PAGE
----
PUBLISHED: 17:03 04 March 2011
'I saw the best minds of my generation destroyed by madness'. Whatever else you say about Allen Ginsberg's epic 1955 poem, you can't argue with that first line.
Howl the movie tackles the creation of the poem and the 1957 obscenity trial in which a San Francisco publisher faced a prison sentence for publishing it.
The film is divided in three concurrent sections. one is a recreation of the obscenity trial, another is Ginsberg (James Franco) being interviewed at around the same time and, finally, there is a performance of the actual poem (if not in entirety then in great depth).
The poem section is split between recreating its first public performance in a small bar in San Francisco and animated scenes which are taken from a graphic novel interpretation of his poetry, a collaboration between Ginsberg and Eric Drooker.
It’s this last section which makes Howl a bit special.
Unlike most films about art and artists, this one is actually about the art as much as the artist. You may not come out of the film convinced that Howl is a great poem, but you will be able to make an informed decision and you will have an insight into its references and its significance.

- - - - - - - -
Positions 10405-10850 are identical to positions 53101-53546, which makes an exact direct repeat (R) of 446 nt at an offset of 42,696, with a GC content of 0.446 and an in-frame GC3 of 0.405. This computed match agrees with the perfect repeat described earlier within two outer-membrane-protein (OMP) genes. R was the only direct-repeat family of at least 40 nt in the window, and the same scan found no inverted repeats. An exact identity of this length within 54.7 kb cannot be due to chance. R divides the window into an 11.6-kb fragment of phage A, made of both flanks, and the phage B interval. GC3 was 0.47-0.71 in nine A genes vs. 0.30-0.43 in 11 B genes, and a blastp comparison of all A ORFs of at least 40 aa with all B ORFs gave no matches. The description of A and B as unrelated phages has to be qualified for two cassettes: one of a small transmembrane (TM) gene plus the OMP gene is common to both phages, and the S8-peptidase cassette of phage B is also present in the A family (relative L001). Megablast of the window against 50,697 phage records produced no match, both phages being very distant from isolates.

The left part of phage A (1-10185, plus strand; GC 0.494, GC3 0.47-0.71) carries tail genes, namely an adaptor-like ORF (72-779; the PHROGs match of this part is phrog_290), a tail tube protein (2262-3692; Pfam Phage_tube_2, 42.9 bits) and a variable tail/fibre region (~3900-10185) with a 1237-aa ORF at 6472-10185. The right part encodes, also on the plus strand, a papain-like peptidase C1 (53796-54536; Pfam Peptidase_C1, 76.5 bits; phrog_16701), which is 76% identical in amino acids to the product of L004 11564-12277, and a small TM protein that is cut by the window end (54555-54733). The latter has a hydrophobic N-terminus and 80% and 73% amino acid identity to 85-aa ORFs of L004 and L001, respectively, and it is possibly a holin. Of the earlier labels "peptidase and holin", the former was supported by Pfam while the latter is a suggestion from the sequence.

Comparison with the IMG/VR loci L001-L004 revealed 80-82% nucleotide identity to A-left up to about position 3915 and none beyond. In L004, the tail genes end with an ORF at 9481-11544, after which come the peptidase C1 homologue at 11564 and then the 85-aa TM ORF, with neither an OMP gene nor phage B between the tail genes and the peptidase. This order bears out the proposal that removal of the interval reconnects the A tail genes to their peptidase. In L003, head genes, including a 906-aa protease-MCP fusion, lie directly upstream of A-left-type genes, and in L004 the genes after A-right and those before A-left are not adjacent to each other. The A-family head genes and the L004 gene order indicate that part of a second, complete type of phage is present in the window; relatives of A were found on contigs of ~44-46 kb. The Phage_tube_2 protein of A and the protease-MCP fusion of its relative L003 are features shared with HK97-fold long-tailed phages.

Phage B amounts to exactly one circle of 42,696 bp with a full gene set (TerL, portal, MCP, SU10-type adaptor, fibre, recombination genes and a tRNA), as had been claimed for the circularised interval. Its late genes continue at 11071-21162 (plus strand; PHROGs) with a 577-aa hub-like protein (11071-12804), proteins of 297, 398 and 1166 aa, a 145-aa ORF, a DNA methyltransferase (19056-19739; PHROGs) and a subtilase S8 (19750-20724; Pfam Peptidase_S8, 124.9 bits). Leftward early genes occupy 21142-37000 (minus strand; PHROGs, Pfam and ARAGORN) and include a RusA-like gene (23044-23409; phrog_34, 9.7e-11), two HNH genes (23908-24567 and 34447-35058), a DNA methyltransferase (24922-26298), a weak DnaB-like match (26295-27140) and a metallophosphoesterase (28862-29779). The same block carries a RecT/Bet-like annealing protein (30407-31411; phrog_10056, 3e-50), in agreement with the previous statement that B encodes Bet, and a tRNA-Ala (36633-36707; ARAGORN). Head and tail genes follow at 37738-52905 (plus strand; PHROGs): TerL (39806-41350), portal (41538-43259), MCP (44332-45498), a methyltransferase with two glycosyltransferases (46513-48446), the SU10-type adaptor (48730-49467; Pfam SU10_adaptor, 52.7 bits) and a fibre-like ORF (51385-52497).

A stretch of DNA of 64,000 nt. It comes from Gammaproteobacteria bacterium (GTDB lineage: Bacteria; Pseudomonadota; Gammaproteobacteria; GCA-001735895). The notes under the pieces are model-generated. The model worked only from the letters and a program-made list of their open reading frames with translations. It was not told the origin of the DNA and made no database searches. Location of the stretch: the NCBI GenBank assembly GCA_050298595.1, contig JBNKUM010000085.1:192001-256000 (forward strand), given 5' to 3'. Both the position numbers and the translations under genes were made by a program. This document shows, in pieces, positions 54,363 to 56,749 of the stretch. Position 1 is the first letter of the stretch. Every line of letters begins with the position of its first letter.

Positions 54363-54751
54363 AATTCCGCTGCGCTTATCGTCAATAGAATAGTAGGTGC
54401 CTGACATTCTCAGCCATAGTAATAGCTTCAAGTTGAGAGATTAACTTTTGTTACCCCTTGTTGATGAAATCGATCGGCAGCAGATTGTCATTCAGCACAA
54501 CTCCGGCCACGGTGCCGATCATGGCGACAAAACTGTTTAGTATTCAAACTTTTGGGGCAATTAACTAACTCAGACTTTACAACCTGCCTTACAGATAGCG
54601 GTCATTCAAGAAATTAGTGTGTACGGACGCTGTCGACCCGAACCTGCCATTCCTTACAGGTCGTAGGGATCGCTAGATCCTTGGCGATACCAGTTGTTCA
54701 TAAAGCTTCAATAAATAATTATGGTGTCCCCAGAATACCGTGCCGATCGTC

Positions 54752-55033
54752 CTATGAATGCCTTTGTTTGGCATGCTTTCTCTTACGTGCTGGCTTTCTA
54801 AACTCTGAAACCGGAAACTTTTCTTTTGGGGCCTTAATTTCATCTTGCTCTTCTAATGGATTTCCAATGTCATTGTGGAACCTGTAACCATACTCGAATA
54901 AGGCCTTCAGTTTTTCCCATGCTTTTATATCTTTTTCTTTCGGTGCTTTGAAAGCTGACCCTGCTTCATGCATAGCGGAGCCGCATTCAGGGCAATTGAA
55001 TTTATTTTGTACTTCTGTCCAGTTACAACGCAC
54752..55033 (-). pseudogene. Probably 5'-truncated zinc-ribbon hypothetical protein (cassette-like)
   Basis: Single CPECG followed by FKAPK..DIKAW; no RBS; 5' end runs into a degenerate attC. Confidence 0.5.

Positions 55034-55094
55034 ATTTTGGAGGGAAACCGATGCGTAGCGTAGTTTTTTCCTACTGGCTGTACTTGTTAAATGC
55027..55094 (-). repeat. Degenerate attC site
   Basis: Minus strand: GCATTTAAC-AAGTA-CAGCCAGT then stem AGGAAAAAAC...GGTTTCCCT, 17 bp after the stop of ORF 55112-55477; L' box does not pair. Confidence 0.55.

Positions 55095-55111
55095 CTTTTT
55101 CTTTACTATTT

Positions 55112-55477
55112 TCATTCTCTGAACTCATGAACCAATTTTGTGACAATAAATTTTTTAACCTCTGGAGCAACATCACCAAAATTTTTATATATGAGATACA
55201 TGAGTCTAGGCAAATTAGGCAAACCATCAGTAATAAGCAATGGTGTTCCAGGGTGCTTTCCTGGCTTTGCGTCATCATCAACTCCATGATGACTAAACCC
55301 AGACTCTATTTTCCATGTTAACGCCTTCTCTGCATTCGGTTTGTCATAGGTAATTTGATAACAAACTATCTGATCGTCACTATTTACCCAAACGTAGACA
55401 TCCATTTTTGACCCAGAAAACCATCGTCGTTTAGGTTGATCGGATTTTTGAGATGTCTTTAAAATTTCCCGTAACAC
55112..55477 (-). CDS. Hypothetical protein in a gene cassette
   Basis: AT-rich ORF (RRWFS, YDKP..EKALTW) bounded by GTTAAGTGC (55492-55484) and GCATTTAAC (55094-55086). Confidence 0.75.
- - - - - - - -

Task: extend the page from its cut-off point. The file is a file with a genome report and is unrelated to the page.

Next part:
In the way that it merges an interpretation of the piece and its background, it has some parallels with David Cronenberg’s version of another Beat landmark, Naked Lunch.
Director Robert Epstein and Jeffrey Friedman’s background is in documentaries and almost all of the script comes directly from court and interview transcripts.
The film bears many hallmarks of a Good Deed film, the kind of earnest righteous piece where big names can turn up briefly and be seen to have done their bit.
The live action scenes took up just 14 days shooting. Apart from Franco, all the name actors appear in the courtroom scenes.
Jon Hamm looks as if he’s just walked straight off the Mad Men set to play the defence lawyer. The courtroom stuff is easily the least interesting part but it serves a purpose in the overall design by providing a context in which to judge just how extreme Howl’s impact was.
What really makes it howl though is James Franco. He first came to notice in the Spider-man films, looking for all the world like a vacuous pretty boy with nothing more to offer than a weak approximation of James Dean.
Ever since, I’ve set my face against any notion that his was an emerging talent but he’s outstanding here.
Directors: Robert Epstein and Jeffrey Friedman
Starring: James Franco, Jon Hamm, David Strathairn, Bob Balaban, Jeff Daniels, Mary-Louise Parker.
Length: 90 mins